Grandmother kept a ledger and noted what work they did each day. There are a number of entries where she simply wrote “ditching.” Shortly before they ran off to get married, she, along with neighbors and friends helped Grandfather build a barn and plant their first crops. Soon after they married they ordered blueprints from the Sears and Roebucks catalog and built their home. Four years after my grandparents wed there was a picture of Grandfather’s family home taken and to the north of the house in the background is a large tank which caught rain off the roof. Rainwater harvesting comes down to us from ancient times and to get rainwater to their new home, they dug a ditch up to my grandfather's parents’ home, laid some pipes and installed a pump to share rainwater for washing hair and rinsing clothes as a softener. The Texas Water Development Board notes that, "rainwater has long been valued for its purity and softness. It has a nearly neutral pH, and is free from disinfection by-products, salts, minerals, and other natural and man-made contaminants."
More than 80 percent of homes built before 1978 contain lead paint and lead poisoning in kids can cause IQ deficiencies, reading and learning disabilities, hearing loss, difficulties in staying focused on tasks, poor impulse control and other behavior problems. A developing fetus can experience serious developmental problems from pregnant mothers poisoned by lead. Paint containing more than 0.06% lead was banned for residential use in the United States in 1978 by the U.S. Consumer Product Safety Commission.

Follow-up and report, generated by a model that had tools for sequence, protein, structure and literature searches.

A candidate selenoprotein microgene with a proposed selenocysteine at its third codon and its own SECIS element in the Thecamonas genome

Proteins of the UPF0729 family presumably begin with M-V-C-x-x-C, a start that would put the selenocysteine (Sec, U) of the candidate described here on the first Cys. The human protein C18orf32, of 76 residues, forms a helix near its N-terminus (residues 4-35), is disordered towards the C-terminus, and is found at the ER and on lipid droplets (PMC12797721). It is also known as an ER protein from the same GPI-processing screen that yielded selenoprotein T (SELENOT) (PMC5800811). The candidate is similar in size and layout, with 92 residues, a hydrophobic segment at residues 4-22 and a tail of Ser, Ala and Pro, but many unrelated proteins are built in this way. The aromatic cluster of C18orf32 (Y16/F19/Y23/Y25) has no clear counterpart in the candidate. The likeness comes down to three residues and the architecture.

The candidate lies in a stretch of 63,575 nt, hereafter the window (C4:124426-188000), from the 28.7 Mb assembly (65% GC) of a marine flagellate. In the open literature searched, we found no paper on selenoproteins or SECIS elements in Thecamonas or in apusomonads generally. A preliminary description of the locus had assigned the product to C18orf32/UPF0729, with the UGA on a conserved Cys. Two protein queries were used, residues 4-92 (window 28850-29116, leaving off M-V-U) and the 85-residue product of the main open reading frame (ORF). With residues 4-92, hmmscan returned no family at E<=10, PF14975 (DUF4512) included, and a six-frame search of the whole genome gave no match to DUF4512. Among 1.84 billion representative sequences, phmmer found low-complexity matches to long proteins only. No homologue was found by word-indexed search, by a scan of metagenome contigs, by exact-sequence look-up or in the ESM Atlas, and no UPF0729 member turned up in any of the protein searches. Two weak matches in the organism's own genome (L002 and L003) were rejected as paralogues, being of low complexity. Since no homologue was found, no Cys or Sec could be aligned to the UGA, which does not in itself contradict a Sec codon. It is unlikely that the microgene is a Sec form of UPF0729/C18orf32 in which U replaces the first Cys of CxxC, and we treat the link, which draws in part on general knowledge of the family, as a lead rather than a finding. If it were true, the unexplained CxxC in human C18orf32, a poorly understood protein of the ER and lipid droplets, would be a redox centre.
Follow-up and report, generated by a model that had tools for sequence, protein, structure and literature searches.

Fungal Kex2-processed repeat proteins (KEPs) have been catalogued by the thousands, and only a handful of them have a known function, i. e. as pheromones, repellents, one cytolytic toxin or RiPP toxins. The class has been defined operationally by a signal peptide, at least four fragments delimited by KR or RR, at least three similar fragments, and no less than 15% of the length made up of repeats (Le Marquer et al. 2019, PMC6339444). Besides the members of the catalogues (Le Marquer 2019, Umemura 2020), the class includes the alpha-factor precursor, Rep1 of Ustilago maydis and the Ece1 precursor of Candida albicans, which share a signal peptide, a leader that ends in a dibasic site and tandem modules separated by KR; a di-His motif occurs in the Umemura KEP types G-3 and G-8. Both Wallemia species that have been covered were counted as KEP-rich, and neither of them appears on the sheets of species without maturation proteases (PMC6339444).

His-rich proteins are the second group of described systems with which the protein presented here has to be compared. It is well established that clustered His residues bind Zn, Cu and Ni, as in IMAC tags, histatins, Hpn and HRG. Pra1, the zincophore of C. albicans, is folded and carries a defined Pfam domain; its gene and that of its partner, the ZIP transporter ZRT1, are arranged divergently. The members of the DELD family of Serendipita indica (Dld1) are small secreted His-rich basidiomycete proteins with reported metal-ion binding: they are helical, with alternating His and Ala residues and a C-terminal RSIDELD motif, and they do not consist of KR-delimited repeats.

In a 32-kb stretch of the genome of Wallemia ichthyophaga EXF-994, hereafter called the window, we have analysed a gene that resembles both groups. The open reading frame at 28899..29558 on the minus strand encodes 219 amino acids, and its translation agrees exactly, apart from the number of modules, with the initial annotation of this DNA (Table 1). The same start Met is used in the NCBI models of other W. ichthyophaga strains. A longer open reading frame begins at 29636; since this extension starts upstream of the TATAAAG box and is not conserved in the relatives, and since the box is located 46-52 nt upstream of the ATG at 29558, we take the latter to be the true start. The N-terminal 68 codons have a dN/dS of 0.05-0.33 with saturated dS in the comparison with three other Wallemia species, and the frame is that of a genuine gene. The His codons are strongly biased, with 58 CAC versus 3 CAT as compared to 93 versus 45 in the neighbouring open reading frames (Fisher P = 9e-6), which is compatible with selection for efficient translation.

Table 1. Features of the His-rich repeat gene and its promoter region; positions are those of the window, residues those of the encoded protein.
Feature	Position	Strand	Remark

*Disclaimer: Please do not concoct this recipe as the inherent dangers of using it is unknown. Any and all consequences to the use of the product will be your sole responsibility.
The Godwin Archives, Volume IV: NEIGHBORLY NOTES, Schoolwork, and Miscellaneous, (2007).
Godwin Family Reunion Cookbook 2007:
Used by permission
Lead and Paint:
Accessed August 31, 2007.
A Rum Site:
Accessed August 31, 2007.
Texas Water Development Board: Rainwater Harvesting FAQs:
Accessed January 21, 2007.